Kurt Bestor: composing a life.
That's what internationally renowned composer and performer Kurt Bestor is hunkered down to do. At a point in his life when he's composed more than 30 film scores and recorded 18 or 19 CDs (Bestor confesses he doesn't keep track), he's ready to compose the most personal of all his works: the score to his life.
"This next album, it'll be untitled, an autobiographical album," says Bestor. And how does one go about composing one's own story? "You go on a journey. You make note of the landmarks you've passed. Some of those landmarks are happy, some are pretty devastating things. I just decided to put a musical voice to all of them," he says.
Putting a musical voice to things is something Bestor has done since childhood. "I've always had a passion for music, ever since I was a little kid. Sounds to me are musical, whether it's busy traffic in New York or a serene beach in California. By junior high, that passion morphed into a curiosity about how to translate what the world sang, into music," says Bestor.
Bestor says curiosity turned to necessity when he decided to try making a living at his music. "I dream of having lived in the day when I could find a wealthy [patron] like King Leopold who paid for Mozart to write," he says, only half-jokingly. "But I've finally realized that if all I have is a stack of paid bills when I'm done with my life, I'll be dissatisfied. While I'm still taking care of the bills, I'm definitely stopping to 'compose the roses,'" says Bestor.
His fans would say the world is a better place for his rose-scented compositions. His song, "Prayer of the Children," for example, has brought tears of hope at 9/11 ceremonies, Columbine High School memorials and other commemorations worldwide. His work with Sam Cardon, co-composing for ABC's daily coverage of the 1988 Olympic Winter Games, was an historic contribution. And his fifteenth annual Christmas concert, this month at Abravanel Hall, is a sell-out tradition for local devotees.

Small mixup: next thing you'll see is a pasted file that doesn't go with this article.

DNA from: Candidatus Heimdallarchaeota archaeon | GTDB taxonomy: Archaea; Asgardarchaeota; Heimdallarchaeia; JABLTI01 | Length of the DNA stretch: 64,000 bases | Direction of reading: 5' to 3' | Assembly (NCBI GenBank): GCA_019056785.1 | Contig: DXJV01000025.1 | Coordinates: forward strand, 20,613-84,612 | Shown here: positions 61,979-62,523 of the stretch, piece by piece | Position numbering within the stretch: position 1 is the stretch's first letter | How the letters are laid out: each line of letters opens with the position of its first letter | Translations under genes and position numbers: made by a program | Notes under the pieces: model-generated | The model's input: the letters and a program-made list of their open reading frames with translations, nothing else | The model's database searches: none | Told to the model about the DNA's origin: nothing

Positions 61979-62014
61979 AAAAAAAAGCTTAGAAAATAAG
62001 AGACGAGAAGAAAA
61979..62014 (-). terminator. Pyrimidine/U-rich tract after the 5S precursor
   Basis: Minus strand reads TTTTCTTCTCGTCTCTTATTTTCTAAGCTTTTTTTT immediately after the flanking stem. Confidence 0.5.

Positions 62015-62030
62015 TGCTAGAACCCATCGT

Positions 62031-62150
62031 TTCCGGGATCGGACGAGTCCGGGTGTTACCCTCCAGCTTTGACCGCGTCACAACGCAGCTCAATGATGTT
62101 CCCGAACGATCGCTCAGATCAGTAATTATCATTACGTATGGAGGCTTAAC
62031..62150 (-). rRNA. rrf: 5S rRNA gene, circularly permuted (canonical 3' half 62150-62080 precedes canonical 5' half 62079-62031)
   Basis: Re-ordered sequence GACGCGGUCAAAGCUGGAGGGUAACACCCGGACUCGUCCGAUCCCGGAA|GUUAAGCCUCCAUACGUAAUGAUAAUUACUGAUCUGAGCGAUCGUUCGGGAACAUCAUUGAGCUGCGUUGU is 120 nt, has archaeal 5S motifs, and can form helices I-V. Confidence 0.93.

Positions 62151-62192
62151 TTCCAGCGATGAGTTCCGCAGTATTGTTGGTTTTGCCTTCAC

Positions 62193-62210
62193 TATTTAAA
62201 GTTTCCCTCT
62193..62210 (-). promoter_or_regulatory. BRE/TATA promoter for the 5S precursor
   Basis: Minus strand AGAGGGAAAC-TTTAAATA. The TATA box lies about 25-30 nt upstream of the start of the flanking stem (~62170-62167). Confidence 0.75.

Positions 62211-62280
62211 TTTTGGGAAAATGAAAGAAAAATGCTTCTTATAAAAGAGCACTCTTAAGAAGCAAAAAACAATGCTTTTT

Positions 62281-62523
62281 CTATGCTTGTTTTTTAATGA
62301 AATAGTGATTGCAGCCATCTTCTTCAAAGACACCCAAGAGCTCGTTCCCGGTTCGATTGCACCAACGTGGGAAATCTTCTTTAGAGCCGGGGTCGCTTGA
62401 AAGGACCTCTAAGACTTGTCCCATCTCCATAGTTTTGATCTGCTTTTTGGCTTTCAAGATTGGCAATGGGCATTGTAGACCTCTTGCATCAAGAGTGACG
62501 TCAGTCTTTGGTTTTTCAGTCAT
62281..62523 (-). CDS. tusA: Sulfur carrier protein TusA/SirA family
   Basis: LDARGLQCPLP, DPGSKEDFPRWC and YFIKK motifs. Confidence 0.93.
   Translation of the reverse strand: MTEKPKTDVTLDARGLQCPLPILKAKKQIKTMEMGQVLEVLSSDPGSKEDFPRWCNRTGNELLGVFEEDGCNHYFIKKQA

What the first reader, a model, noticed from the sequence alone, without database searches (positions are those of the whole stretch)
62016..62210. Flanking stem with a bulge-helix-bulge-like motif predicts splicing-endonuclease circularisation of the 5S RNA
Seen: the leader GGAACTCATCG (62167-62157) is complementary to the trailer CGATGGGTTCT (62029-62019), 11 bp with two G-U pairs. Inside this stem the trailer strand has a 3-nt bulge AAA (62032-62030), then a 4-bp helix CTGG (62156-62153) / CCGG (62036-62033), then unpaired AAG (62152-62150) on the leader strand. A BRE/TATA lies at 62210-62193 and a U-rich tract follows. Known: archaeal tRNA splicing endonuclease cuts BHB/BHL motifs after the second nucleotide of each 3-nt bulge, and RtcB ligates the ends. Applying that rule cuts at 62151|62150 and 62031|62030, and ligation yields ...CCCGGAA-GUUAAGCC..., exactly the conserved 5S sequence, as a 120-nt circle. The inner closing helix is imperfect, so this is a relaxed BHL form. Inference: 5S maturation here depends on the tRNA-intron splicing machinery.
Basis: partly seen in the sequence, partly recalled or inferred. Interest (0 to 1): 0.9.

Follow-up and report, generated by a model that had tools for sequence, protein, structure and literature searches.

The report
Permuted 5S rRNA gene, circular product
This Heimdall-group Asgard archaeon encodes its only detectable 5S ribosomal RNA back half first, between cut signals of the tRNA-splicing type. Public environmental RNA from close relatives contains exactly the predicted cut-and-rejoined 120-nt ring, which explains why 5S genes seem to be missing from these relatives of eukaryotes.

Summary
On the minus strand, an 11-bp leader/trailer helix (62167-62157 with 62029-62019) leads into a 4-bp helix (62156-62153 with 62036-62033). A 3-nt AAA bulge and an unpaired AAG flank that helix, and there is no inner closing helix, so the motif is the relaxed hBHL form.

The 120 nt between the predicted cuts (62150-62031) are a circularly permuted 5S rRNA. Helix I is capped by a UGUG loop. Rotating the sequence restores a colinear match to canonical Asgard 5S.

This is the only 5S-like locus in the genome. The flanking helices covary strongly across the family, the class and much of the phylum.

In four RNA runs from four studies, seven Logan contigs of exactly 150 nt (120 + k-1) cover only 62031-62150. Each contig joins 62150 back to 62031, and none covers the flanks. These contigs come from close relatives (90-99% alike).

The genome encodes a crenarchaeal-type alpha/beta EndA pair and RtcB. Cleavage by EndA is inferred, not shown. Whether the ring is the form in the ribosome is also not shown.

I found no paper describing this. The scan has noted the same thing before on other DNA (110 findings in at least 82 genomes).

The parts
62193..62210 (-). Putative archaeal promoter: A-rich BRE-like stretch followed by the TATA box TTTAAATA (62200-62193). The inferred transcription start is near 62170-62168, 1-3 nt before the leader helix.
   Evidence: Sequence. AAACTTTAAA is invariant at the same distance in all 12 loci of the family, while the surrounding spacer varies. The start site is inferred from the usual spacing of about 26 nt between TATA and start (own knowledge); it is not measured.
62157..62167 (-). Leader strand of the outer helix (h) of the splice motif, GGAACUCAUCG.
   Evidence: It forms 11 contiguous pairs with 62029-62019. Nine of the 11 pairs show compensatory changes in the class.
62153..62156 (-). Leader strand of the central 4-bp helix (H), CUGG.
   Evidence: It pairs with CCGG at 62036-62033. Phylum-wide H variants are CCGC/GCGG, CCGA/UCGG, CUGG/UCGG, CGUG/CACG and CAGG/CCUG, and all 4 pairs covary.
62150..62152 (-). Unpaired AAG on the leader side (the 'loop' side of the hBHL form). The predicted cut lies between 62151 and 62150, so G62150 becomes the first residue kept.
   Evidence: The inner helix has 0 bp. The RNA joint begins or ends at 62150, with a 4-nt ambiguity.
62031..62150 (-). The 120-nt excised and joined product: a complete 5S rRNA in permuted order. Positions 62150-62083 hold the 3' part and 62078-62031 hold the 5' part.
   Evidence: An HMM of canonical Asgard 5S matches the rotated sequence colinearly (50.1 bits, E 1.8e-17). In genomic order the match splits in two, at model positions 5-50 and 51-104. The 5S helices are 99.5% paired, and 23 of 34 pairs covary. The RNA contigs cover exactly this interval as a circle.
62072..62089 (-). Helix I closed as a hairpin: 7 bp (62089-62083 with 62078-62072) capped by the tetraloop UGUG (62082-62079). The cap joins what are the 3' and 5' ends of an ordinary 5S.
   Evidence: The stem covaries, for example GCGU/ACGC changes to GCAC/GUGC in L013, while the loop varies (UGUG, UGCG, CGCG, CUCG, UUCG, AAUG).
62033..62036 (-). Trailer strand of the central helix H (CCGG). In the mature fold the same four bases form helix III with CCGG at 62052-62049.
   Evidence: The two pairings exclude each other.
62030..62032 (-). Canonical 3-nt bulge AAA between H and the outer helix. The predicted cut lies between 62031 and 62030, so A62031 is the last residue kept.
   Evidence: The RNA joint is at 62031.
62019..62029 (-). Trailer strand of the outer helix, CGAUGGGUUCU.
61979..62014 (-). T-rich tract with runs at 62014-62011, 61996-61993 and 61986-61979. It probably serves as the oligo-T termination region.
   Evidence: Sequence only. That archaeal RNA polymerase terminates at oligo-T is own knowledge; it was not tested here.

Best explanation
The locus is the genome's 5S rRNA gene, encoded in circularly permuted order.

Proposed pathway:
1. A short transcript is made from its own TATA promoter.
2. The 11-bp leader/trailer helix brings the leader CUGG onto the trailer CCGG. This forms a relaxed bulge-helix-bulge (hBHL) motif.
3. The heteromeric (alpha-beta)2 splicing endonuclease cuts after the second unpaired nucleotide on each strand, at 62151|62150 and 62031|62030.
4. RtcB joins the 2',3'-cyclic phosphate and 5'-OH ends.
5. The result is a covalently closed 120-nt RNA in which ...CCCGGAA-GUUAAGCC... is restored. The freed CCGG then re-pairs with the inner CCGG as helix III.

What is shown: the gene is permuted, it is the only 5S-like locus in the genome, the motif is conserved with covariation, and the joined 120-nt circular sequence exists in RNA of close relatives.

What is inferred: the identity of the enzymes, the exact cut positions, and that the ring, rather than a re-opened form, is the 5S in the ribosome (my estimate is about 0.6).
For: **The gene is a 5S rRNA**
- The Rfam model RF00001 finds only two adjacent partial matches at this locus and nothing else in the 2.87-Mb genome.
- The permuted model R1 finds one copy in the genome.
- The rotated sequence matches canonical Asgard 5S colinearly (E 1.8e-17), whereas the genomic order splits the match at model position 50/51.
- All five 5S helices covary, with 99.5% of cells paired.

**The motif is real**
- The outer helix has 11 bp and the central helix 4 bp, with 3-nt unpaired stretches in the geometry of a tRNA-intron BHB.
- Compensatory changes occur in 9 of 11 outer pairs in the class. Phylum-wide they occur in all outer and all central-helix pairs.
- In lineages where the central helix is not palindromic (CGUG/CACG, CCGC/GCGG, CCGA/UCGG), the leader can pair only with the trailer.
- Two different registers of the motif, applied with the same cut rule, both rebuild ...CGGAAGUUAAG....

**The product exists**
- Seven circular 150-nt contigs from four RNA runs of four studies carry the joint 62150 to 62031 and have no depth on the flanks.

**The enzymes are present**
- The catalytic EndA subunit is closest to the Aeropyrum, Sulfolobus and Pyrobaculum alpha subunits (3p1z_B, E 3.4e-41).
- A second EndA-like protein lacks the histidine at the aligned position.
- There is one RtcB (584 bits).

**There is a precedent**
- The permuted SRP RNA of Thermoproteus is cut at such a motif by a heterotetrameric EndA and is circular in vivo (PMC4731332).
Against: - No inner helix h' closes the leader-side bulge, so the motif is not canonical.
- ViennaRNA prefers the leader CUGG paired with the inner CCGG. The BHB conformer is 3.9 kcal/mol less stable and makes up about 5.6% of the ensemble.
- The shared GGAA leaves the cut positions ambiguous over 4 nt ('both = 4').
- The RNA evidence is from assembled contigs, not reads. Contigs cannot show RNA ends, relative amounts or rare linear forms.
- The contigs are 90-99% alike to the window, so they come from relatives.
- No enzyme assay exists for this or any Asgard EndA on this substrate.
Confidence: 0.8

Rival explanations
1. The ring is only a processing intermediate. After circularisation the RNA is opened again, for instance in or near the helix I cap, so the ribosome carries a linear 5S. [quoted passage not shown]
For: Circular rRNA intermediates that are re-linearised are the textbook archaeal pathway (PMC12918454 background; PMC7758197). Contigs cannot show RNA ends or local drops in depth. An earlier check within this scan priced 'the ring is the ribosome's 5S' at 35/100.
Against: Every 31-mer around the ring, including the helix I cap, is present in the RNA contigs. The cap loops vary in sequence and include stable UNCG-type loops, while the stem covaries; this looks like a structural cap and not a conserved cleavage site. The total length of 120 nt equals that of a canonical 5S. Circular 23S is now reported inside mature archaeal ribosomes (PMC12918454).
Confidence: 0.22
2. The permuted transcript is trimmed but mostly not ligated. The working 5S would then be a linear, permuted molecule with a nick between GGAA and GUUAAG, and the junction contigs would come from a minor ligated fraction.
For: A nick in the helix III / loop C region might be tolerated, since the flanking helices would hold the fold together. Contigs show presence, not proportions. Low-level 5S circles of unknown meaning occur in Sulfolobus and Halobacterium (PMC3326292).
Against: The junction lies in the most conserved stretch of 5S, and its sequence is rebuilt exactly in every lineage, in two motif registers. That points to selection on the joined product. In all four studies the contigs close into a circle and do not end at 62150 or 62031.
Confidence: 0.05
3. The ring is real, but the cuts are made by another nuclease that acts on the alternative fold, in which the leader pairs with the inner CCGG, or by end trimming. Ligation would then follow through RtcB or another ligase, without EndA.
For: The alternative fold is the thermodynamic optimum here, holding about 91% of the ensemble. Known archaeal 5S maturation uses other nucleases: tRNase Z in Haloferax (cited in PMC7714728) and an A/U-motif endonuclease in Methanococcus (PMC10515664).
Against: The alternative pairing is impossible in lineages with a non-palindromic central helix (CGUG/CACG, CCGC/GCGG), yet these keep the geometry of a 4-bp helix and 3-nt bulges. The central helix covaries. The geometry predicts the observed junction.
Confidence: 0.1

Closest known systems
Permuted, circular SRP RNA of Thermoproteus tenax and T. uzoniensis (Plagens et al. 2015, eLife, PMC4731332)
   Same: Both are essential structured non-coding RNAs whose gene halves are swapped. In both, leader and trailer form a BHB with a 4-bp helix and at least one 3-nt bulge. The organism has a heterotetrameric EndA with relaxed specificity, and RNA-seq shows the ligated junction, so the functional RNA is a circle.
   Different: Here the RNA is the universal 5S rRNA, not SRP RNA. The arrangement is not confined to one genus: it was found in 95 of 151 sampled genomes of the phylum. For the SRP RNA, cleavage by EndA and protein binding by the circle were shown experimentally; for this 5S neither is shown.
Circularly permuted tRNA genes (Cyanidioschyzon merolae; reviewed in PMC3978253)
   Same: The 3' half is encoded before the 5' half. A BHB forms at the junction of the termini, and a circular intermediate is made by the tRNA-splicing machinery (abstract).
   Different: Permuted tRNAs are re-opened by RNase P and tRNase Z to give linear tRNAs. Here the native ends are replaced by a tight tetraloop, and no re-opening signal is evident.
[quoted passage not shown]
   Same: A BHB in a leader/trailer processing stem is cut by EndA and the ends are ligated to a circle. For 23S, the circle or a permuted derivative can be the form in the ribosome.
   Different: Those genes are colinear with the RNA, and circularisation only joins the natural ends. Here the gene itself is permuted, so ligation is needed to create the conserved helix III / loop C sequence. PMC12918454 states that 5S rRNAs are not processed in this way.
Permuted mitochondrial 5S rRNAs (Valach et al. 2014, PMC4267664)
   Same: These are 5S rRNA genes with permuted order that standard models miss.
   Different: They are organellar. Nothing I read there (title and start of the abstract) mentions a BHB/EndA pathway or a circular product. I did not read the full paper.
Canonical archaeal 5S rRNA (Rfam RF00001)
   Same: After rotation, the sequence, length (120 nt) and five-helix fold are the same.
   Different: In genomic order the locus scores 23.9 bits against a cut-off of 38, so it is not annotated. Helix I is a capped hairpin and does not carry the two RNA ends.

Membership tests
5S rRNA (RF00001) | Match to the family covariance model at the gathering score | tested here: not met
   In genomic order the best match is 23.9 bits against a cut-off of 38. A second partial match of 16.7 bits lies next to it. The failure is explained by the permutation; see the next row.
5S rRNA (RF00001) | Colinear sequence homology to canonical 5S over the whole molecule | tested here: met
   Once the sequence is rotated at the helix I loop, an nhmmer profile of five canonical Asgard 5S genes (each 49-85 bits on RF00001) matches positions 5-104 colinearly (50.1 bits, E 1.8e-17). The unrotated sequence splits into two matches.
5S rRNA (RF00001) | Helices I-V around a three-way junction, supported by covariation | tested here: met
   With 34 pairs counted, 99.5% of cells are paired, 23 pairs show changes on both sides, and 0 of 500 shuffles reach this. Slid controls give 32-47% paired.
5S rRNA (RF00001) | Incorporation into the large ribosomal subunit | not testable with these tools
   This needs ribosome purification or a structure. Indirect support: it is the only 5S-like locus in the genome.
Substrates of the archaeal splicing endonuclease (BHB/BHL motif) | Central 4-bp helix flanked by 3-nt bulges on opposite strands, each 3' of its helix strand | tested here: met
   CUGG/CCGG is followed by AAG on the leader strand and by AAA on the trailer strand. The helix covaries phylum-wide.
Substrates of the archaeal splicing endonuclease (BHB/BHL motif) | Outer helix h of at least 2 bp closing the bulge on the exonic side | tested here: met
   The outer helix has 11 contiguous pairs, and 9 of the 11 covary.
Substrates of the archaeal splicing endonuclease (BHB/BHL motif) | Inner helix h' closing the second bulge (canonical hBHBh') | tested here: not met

While it's been a prolific, profitable journey for Bestor, it wasn't always easy. His first demo reel was rejected; he was told "Nobody wants instrumental music." It wasn't until after Lex de Azevedo's Embryo Music took a chance on his first album, Joyspring, that the door opened a crack. It swung wide open after 1987's A Kurt Bestor Christmas bravely countered Mannheim Steamroller's Fresh Air Christmas with sweeping album sales.
Despite the success, at 45, Bestor says he's far from done. "As of today, I figure I've lived half my life. I plan on being very productive the rest of my life--there is no retirement in my vocabulary. It never really feels like I'm working, anyway," says Bestor.
Good, then we'll expect the sequel to that untitled album in oh, about another 45 years.
Heather Beers is a Salt Lake City-based freelance writer and co-owner of Momentum Communications advertising and public relations.
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|Date:||Dec 1, 2003|
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